I don’t know enough yet to go back and figure out the astrology in place at the time of each departure, but I’ll bet Saturn and life-lesson themes had a lot to do with it!

  17. After college in order to get out of England and buy a ticket back to the US, I sold everything and had 1 quarter which I used to call a friend in LA. This is something I don’t know if I could do now (don’t want to) but when I was young, hope in the future is what I lived on.

  18. Yikes….I was just talking about that piece of land by the lake we are gonna buy and then I read you, Jeremy.
    I too have Neptune in the 2nd house. No Scorpio though. Baybe that just means I’m supposed to live by the lake????

  19. Wow Peppermint, amazing story. Hmmmm, so I guess it’s no wonder that you have lots of “stuff”. Could it be some sort of protection? Maybe you should tell your son that you earned it! (I’m remembering correctly, I hope)

    Actually, these are all amazing stories. All these stories of people with nothing, sometimes being scared as hell, but having the guts to take that absolutely scary as hell step into the unknown.

    I feel privileged and enriched to be able to hear all your stories, and they make me appreciate what I have.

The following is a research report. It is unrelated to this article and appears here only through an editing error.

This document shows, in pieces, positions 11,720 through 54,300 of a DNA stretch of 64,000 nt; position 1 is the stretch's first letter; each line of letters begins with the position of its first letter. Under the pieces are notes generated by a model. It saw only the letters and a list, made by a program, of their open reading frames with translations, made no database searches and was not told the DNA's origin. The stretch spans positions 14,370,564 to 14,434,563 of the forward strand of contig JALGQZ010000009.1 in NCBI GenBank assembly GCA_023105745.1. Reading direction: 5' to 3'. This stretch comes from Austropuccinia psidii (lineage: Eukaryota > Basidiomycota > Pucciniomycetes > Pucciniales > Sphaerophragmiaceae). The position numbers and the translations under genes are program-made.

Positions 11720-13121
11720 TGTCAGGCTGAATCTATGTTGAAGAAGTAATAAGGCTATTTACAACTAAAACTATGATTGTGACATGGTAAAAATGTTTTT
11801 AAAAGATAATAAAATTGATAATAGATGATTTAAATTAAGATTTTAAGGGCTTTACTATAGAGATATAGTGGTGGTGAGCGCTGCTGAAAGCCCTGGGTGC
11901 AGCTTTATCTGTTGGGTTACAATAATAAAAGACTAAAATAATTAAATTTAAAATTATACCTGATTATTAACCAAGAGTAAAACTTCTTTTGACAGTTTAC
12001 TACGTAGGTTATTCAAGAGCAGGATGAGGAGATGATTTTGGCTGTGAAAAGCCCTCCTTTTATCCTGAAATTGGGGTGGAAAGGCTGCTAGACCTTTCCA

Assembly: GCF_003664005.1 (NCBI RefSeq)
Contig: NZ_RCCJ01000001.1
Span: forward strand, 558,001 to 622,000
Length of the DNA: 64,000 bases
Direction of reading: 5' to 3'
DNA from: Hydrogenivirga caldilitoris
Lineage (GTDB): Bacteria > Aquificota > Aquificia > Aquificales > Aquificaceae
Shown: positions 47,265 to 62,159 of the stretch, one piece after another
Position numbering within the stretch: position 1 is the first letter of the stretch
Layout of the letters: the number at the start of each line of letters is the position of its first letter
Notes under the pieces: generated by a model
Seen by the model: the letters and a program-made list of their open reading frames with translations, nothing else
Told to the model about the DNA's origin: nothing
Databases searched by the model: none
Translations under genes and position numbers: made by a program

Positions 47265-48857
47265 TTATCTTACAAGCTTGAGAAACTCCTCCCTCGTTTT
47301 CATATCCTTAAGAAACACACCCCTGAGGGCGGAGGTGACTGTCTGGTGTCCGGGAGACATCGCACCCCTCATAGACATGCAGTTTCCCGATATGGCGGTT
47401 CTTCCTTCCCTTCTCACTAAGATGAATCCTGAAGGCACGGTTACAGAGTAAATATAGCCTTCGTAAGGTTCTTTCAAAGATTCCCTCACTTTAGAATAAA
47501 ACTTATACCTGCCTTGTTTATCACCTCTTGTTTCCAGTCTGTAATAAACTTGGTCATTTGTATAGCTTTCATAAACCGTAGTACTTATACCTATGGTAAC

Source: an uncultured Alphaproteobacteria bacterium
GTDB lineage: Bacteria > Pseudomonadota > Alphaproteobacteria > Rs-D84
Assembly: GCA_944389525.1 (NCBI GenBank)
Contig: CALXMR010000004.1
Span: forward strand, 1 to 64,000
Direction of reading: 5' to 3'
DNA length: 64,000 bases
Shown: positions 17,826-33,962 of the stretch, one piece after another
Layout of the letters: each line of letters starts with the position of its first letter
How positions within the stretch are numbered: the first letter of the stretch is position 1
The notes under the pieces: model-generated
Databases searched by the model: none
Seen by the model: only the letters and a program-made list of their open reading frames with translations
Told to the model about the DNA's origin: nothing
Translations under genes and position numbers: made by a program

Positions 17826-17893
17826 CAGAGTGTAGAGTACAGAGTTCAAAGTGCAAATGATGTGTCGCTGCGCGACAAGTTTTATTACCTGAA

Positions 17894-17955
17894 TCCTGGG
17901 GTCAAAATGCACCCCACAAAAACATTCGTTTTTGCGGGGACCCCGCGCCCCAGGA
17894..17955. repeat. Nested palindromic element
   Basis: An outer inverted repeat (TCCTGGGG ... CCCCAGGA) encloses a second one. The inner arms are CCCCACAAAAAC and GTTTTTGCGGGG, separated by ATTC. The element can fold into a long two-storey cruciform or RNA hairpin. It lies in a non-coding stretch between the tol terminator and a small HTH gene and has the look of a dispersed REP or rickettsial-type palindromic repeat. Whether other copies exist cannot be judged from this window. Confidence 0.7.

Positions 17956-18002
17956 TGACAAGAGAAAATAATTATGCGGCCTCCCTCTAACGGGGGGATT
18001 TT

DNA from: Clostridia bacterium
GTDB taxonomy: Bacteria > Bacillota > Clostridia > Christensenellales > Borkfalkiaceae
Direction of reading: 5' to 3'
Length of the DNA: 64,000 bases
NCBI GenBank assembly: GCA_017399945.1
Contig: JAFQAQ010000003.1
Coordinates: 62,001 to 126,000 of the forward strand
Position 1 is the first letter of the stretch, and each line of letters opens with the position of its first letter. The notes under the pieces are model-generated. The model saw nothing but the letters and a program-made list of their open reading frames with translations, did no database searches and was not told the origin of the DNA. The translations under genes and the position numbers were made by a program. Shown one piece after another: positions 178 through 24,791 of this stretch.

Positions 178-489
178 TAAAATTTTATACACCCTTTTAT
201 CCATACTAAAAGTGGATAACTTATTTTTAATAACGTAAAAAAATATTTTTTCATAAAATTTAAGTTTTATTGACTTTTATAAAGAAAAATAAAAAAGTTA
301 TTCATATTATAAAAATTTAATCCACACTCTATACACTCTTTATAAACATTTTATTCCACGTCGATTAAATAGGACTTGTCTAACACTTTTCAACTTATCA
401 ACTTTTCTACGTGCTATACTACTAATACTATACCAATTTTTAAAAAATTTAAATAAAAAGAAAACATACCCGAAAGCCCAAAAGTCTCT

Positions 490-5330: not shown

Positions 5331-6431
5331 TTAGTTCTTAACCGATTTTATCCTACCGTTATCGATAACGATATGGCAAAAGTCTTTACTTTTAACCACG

20. I’ve started over a few times with just a little bit – some clothes, my guitar, whatever cash I had at the time. It’s actually kind of liberating!

  21. Thanks for the info, JJJ, yep, my Neptune rising picked up some extremely unpleasant vibes. I could have easily been lost there forever. I was almost flat broke, and my relatives (especially my mother and sister) were not speaking to me at that time. GOD got me through that one, and many others similarly edgy (in different kinds of ways).

    I have Uranus on the 12th house, which, some say, is supposed to the the house of overseas travel (compared to the 9th which is said to rule domestic travel, and the 3rd city travel). It brings all kinds of surprising upsets and scary edges when I travel overseas, but it is one degree conjunct Jupiter (cancer in the 5th).